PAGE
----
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An app for that

Doug Eadline wrote a cluster rant recently entitled “A Cluster in your Pocket“, talking about the possibility of “What if your cell phone could bring you real time results from a supercomputer?”

We’ve actually idly chatted about such things in the Open MPI community for a while.  It would be tremendously fun to write an iPhone/Android app that could talk to an MPI implementation and/or application.  Perhaps a good starting point would be to have the MPI implementation talk to an iPhone/Android phone.


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Hot Interconnects conference roundup

Hot Interconnects sign on a Google bikeAs I mentioned in a few prior posts, I attended the Hot Interconnects conference last week, which happened to be hosted at the Googleplex.

Beautiful weather, interesting talks, and lively discussion are three good phrases to describe the conference. 

It’s always good to run into the same people you tend to see at these conferences and catch up on their latest work.  But it’s equally fun to talk to new people whom you’ve never met before.  Get a new perspective, hear a different way of looking at something, or even just listen to the youthful exuberance of the next generation of network researchers.

It’s all good stuff!

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Sockets vs. MPI

I briefly mentioned in a prior blog entry that I’m on a panel at the Hot Interconnects conference this Wednesday evening entitled, “Stuck with Sockets: Why is the network programming interface still from the 1980s?“.

The topic is an interesting one: sockets are, by far, the dominant user-level networking abstraction.  Countless millions (billions?) of lines of code exist that use various forms and features of the BSD sockets API (there are other sockets APIs, but let’s limit the discussion here to just the BSD API for the sake of brevity).  But networking hardware (and software!) has advanced significantly since the sockets API was introduced.  Several attempts have been made to advance the state of the art of the sockets API — to include replacing it with something else — but none have succeeded.  Why?  Is the inertia of existing sockets code too resistant to any change?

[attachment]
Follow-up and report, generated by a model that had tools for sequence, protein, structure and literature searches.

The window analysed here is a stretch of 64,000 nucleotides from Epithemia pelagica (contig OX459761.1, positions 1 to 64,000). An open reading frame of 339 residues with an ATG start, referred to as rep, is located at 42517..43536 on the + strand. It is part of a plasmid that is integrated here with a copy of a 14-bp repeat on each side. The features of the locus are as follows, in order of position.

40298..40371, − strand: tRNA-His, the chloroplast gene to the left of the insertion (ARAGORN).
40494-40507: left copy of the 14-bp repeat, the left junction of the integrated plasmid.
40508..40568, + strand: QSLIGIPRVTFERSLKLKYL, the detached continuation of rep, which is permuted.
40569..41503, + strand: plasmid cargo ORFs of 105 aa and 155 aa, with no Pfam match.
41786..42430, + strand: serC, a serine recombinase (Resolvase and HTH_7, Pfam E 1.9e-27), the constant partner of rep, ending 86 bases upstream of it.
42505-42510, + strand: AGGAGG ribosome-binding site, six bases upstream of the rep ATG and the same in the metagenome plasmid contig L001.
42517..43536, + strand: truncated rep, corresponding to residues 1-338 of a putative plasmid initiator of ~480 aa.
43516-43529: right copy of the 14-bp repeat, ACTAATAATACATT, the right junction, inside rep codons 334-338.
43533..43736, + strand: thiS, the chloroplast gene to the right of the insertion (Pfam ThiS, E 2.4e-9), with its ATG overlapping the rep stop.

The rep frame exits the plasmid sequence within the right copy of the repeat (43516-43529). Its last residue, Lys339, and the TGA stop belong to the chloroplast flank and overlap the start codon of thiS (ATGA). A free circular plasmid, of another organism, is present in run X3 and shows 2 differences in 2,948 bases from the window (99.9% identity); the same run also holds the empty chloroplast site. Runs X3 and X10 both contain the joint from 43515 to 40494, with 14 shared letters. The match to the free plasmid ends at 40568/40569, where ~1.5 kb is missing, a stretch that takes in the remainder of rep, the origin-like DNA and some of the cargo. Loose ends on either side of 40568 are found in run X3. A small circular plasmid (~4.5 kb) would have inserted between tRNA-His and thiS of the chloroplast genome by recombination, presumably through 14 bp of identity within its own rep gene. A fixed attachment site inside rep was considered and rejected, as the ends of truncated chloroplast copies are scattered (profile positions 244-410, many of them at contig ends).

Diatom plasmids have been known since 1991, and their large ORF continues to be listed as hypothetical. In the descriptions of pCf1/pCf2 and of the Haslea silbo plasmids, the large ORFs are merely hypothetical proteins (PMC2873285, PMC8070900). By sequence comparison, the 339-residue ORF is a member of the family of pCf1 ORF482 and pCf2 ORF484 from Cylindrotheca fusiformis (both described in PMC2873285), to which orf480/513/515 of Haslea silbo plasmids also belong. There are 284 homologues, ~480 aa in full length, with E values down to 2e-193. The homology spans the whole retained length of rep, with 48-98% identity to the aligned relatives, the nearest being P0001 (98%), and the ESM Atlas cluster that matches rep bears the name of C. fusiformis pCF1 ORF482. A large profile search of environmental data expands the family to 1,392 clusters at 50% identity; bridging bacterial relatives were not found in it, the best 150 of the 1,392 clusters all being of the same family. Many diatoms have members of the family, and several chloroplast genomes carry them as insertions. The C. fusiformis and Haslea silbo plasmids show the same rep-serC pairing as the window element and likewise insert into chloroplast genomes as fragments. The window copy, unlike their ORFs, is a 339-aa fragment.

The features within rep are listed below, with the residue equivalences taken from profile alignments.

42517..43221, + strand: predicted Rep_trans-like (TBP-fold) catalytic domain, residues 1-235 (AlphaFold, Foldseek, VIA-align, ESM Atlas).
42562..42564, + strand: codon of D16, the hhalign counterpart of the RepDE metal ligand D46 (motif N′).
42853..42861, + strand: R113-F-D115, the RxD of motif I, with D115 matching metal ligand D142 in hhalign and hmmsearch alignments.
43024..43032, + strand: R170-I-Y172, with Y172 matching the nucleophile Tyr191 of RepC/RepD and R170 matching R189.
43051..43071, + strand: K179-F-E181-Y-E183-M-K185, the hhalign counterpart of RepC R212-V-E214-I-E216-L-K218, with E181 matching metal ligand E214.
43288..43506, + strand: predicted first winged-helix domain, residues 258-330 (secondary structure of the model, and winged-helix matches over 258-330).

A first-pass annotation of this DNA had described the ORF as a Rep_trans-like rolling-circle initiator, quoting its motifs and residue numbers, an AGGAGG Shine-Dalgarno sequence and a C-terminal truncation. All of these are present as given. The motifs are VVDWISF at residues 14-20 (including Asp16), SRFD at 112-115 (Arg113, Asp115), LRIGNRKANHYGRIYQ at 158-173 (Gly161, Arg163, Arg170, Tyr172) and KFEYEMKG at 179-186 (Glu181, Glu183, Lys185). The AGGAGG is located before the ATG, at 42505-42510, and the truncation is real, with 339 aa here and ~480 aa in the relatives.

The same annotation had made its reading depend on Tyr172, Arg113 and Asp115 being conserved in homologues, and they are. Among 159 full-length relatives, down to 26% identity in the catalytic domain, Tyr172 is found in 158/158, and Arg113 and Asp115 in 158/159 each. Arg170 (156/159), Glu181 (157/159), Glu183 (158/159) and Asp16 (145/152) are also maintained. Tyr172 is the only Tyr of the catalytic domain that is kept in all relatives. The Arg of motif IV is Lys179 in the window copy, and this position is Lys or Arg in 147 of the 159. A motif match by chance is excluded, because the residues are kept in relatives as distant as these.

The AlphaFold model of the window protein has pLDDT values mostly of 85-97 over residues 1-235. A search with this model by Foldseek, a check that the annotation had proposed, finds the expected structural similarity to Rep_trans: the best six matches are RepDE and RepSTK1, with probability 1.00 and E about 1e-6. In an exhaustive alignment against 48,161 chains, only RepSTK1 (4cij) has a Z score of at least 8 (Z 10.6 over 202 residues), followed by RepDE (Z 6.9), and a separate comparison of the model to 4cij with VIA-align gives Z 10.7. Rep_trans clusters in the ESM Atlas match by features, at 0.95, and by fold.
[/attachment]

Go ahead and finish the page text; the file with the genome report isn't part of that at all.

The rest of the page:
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int MPI_Vacation(short duration);

The little-known “vacation” MPI function allows one to suspend the calling MPI process for brief periods of time.  The return value is an array of events that were missed while the process was inactive.  Note that the “duration” parameter is constrained to be a short value.

Programmers should also note that the returned array size tends to be large (typically regardless of the duration parameter value).  Care should be taken to ensure that enough resources are dedicated to to processing the pending events while also responding to new events in a timely manner.

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Why do different MPI’s perform differently?

Sometimes my wife wonders why I have a job.  She asks me: “Aren’t you just moving bytes from point A to point B?  How hard is that?”

In some ways, she’s right — it’s not hard. Any computer users effects the act of moving bytes from point A to point B oodles of times a day.  Email, for example, is message passing — the heart of email is moving bytes from point A to point B.

But like most real-world engineering issues, it’s not quite that simple.  Indeed, if you talk to most email server administrators, they will readily launch into highly complex discussions of how delivering an email from point A to point B is an incredibly intricate, complicated process.

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